Comment: Why manufacturer training is essential for bike mechanics and shop owners

By James Stanfill, president of the PBMA

It really started long ago when we both worked at a small American manufacturing company called Cannondale. It was a backroom conversation some 8 years later, however, that lead to the topic we will talk about in this story.

To be precise, I was in a backroom at Bicycle Sport Shop in Austin and Troy Laffey was in some warehouse in Indy rebuilding wheels. Troy, the head instructor of technical training for SRAM, invited me to Colorado Springs for their SRAM Technical University (STU) training.

Fast forward to June. A flight from Austin followed by a big day of meetings in Boulder, a quick drive down to Colorado Springs, and here I am at the SRAM Colorado Springs Research and Development Center on a perfect summer Tuesday morning.  I have been around; I have heard of STU, I even lived about 4 miles from the facility for 3 years. I had just never had the time or opportunity to take part in the course.

The SRAM facility in Colorado Springs is a very nondescript building in a mixed industrial zone. No signage or fanfare – it’s a research facility. We are allowed in and told that if we find ourselves standing on carpet – we are in the wrong place! The STU classroom and lab are top-notch and very purpose built.

Day 1, 9am. We sit in a classroom setting of tables and chairs.  Troy introduces the group to SRAM and talks about the history of the company and how they arrived where they are today.  He tells us, “I hope you brought comfortable shoes, 90% of this course is lab time on your feet.” There are 18 of us in this particular STU session.   stanfill piece

We move on into the lab – they have everything here that has anything to do with suspension. First up, a complete service of a RockShox Solo Air system, then a charger then an air can service. Honestly I haven’t taken anything suspension apart since probably 2008. I simply haven’t needed to for my day-to-day job. I forgot how much I enjoy it and how it is really not difficult with correct tools and knowledge.

Day 2. We are first reminded, “you don’t need to memorize this stuff, it’s all on the interwebs” – this in regards to SRAM’s living document library that can be found online; every manual accessible in fewer than five clicks.  We got right to it; complete teardown and rebuild of the new RS-1.  Reverb was next, but with Reverb came a lot of other information. Simplicity (20 minutes average to do a full rebuild), the thought that a shop can charge $80 to $100 for this service, readily available parts and some 800,000 units living in the real world… I had dollar signs spinning around in my head.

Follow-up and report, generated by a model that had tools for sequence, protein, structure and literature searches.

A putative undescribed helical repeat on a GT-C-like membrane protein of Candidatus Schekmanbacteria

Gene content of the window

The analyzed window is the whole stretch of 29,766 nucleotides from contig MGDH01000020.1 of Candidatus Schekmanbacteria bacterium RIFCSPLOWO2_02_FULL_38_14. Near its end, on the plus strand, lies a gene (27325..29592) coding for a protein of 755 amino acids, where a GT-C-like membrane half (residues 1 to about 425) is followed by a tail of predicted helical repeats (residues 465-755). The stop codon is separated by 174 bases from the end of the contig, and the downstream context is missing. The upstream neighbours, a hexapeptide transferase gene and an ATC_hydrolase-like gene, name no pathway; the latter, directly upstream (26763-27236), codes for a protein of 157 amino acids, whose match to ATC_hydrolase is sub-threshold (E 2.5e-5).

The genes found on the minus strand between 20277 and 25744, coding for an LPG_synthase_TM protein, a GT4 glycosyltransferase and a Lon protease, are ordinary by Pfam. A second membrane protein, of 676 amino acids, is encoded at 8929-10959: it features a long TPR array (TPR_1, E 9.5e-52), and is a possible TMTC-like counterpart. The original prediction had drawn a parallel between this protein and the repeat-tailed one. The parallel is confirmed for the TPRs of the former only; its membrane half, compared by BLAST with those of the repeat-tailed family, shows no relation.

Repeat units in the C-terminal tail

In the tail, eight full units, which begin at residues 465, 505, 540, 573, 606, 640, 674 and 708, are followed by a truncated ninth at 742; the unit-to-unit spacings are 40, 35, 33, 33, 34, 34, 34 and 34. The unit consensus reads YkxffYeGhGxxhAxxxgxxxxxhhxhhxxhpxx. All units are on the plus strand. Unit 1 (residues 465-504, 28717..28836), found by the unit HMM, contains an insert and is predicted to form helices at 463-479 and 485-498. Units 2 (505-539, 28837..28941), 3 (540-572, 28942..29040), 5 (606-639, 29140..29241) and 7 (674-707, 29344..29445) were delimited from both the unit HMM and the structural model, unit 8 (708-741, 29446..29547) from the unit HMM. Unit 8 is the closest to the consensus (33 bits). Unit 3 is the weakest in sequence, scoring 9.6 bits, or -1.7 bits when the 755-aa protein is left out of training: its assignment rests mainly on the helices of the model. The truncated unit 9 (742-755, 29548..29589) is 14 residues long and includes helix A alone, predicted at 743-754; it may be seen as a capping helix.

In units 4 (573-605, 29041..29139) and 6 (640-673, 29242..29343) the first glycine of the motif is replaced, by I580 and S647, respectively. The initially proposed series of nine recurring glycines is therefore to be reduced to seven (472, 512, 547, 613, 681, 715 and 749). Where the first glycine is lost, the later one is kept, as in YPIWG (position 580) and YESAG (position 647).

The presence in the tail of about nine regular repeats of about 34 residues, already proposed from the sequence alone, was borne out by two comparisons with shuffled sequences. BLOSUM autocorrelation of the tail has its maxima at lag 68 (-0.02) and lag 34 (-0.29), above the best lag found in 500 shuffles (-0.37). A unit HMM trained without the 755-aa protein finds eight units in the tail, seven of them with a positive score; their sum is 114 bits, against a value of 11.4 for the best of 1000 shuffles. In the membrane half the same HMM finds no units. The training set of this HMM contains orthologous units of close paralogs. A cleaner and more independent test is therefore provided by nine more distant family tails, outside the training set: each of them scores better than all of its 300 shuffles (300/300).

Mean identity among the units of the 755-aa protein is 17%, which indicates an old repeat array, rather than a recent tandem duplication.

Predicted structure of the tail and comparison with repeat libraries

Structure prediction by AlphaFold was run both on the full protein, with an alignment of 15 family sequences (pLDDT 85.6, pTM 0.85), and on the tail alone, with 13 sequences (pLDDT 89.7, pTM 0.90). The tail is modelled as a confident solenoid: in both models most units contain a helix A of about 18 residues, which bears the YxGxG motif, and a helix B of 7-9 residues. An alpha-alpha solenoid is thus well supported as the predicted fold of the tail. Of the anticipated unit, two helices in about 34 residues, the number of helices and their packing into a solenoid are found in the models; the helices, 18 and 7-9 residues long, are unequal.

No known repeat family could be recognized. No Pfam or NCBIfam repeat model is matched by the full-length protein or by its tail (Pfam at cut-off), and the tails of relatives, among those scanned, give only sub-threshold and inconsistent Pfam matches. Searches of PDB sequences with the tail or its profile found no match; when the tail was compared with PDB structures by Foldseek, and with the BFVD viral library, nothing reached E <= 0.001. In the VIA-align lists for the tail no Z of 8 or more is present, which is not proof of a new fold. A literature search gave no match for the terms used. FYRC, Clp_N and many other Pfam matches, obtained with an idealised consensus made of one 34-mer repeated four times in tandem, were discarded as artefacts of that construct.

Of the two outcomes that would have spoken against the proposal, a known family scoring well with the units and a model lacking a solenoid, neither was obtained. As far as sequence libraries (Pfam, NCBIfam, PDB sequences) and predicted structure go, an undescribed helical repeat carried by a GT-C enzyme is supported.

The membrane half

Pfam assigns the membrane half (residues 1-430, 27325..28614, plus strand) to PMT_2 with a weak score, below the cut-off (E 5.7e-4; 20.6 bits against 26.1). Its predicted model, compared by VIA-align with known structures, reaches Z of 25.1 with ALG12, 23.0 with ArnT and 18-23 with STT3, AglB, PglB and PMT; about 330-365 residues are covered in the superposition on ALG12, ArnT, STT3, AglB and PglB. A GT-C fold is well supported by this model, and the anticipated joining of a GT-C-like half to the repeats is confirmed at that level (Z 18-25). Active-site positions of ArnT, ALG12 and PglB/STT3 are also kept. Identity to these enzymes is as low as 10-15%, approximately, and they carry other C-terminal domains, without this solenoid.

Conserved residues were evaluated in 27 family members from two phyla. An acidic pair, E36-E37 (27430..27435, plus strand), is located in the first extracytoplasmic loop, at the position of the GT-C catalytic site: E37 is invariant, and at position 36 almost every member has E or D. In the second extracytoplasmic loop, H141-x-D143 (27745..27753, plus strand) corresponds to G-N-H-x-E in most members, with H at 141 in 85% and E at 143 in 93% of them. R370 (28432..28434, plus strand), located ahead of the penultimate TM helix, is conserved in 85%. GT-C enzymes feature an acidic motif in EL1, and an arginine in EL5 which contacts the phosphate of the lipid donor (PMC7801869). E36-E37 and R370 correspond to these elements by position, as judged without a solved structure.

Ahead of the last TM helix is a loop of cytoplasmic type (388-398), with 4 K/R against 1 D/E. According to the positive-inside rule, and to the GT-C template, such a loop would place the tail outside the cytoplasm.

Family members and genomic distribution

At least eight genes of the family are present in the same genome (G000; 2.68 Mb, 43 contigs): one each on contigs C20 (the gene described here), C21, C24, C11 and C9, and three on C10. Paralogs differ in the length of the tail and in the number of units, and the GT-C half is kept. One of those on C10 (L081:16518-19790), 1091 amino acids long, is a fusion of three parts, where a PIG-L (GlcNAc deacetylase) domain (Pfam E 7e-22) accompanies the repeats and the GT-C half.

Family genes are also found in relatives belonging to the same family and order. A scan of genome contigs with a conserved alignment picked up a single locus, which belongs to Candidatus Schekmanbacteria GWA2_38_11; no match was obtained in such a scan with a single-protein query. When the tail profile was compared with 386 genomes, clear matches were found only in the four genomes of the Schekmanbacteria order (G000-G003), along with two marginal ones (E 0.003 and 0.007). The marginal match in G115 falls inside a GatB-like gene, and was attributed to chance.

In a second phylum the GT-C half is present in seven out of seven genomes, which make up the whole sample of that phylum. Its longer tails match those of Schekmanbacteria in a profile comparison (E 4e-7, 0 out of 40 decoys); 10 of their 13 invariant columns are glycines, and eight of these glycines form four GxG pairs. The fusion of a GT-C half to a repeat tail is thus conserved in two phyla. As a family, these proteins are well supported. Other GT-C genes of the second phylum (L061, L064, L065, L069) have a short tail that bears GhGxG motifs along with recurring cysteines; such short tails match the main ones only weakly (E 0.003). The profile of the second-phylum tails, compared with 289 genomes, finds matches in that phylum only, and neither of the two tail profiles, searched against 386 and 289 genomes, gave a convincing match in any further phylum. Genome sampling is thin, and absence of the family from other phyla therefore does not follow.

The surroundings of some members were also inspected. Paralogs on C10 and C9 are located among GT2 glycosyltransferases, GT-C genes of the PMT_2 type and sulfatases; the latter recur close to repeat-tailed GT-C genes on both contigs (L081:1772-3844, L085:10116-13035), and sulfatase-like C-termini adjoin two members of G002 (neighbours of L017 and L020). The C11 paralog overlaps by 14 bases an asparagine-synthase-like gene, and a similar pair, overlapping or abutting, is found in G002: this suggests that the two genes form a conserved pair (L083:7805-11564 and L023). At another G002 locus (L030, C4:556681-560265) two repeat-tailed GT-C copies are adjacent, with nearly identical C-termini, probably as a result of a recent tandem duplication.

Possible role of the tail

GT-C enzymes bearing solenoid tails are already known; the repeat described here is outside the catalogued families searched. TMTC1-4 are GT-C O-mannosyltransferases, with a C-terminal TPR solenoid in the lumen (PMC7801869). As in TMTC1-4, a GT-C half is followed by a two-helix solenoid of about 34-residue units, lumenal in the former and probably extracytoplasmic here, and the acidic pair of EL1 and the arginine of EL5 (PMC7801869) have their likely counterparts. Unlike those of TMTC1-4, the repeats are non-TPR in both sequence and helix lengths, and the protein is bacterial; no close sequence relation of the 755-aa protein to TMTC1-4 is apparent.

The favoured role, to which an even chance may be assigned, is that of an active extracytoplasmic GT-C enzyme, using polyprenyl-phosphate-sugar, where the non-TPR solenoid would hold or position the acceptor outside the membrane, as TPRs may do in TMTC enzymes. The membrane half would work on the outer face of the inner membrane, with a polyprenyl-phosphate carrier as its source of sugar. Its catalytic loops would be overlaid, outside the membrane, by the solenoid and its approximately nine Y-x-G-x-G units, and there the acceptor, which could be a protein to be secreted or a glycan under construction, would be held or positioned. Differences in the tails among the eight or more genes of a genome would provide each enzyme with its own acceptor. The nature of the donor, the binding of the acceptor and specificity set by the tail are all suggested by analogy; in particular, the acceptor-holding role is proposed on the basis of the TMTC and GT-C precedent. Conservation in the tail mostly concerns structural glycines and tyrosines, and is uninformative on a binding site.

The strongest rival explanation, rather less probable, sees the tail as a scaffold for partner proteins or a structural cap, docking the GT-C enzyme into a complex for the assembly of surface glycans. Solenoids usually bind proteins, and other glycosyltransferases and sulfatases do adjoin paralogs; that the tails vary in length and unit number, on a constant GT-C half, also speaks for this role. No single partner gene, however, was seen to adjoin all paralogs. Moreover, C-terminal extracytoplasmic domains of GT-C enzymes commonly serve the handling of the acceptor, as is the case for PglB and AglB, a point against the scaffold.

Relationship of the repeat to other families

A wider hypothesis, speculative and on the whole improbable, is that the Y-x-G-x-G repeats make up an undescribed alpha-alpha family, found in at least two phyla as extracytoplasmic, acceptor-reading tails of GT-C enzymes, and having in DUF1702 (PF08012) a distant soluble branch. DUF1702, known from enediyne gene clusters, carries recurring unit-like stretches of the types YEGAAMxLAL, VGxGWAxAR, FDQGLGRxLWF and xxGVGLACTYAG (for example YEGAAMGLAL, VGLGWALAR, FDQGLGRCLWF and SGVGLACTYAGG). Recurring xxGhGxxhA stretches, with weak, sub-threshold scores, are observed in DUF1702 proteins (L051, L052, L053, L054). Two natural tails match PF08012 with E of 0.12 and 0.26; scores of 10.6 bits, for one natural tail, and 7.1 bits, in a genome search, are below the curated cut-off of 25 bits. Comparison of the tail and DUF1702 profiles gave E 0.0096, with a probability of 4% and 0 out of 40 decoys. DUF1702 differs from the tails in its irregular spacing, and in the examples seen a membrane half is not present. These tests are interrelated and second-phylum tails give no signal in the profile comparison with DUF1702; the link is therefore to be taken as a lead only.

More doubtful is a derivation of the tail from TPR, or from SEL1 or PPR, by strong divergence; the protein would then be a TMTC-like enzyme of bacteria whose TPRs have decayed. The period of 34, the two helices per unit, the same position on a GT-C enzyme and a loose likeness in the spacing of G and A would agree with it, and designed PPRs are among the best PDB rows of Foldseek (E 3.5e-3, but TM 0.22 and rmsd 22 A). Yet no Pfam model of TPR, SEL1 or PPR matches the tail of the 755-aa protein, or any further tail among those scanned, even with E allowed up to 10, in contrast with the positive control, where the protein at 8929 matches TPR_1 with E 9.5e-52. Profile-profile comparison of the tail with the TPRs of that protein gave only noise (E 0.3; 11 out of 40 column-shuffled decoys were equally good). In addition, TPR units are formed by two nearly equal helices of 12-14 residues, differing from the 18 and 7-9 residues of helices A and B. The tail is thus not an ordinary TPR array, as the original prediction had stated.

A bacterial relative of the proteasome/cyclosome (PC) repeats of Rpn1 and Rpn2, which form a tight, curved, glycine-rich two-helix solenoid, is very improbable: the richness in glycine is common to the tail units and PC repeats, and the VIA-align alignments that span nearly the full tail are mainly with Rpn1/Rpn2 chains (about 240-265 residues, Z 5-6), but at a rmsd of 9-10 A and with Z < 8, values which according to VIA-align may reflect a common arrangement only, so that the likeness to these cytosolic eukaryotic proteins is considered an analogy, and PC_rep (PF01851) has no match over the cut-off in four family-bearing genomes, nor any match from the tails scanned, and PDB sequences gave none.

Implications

We ended the day in the lab with a complete rebuild of a Monarch Plus. We had a group dinner and enjoyed some out of classroom bonding time, 17 new stories and 17 new friends and perhaps an adult beverage.

Day 3. It is not over yet. There was a brief apology for the past troubles everyone has surely experienced with Avid hydro brakes.  Then came a good conversation about the new SRAM brake systems and reassurance they are completely new systems, not rebranded AVID product. We talked about what’s different between DOT fluid and mineral oil and had a good discussion of why the two don’t mix.

We move to the lab and bleed some brakes. I can tell you from my time at Specialized during the big push to road disc and road hydro brake product a few years ago I have bled a lot of brakes… with the unfortunate brake recall, I was forced to bleed even more! I don’t know what magic they did to make the product better but it is so much easier to bleed then those original road and mountain products. I had a real bad taste for a while and it wasn’t from ingesting brake fluid.

We got to see a Buffalo Bike and talk about World Bicycle Relief, and one project there that myself and the PBMA are passionate about is the Mechanics for Mechanics program. We saw new Zipp wheel product and we got to see and ride the new Eagle system and it was pure gold, and of course the now heavily desired eTap. We soon arrived at the end of the day and the end of this STU session.

What did I take away from my time at STU? I was reacquainted with suspension from a technical standpoint. I learned how much money a shop could make by focusing on suspension service. Having a quality skilled person doing suspension work, according to Laffey, could earn a shop around $150 per hour – I call that really good money.

We saw some of the new technologies and can now think about how they affect my own future and that of other mechanics. The rapidly changing world of cycling and push for evolution of technology make technical training opportunities like STU so important.

If you have the chance to attend any manufacturer’s training I encourage you to do so. We need to continually evolve just like the products and technologies we work on.

  • James Stanfill is the president of the Professional Bicycle Mechanics Association (PBMA) and a practicing professional bicycle mechanic. CyclingIndustry.News recently ran an interview with Stanfill in which he detailed how the organisation aims to make life better for the mechanic. You can read that here.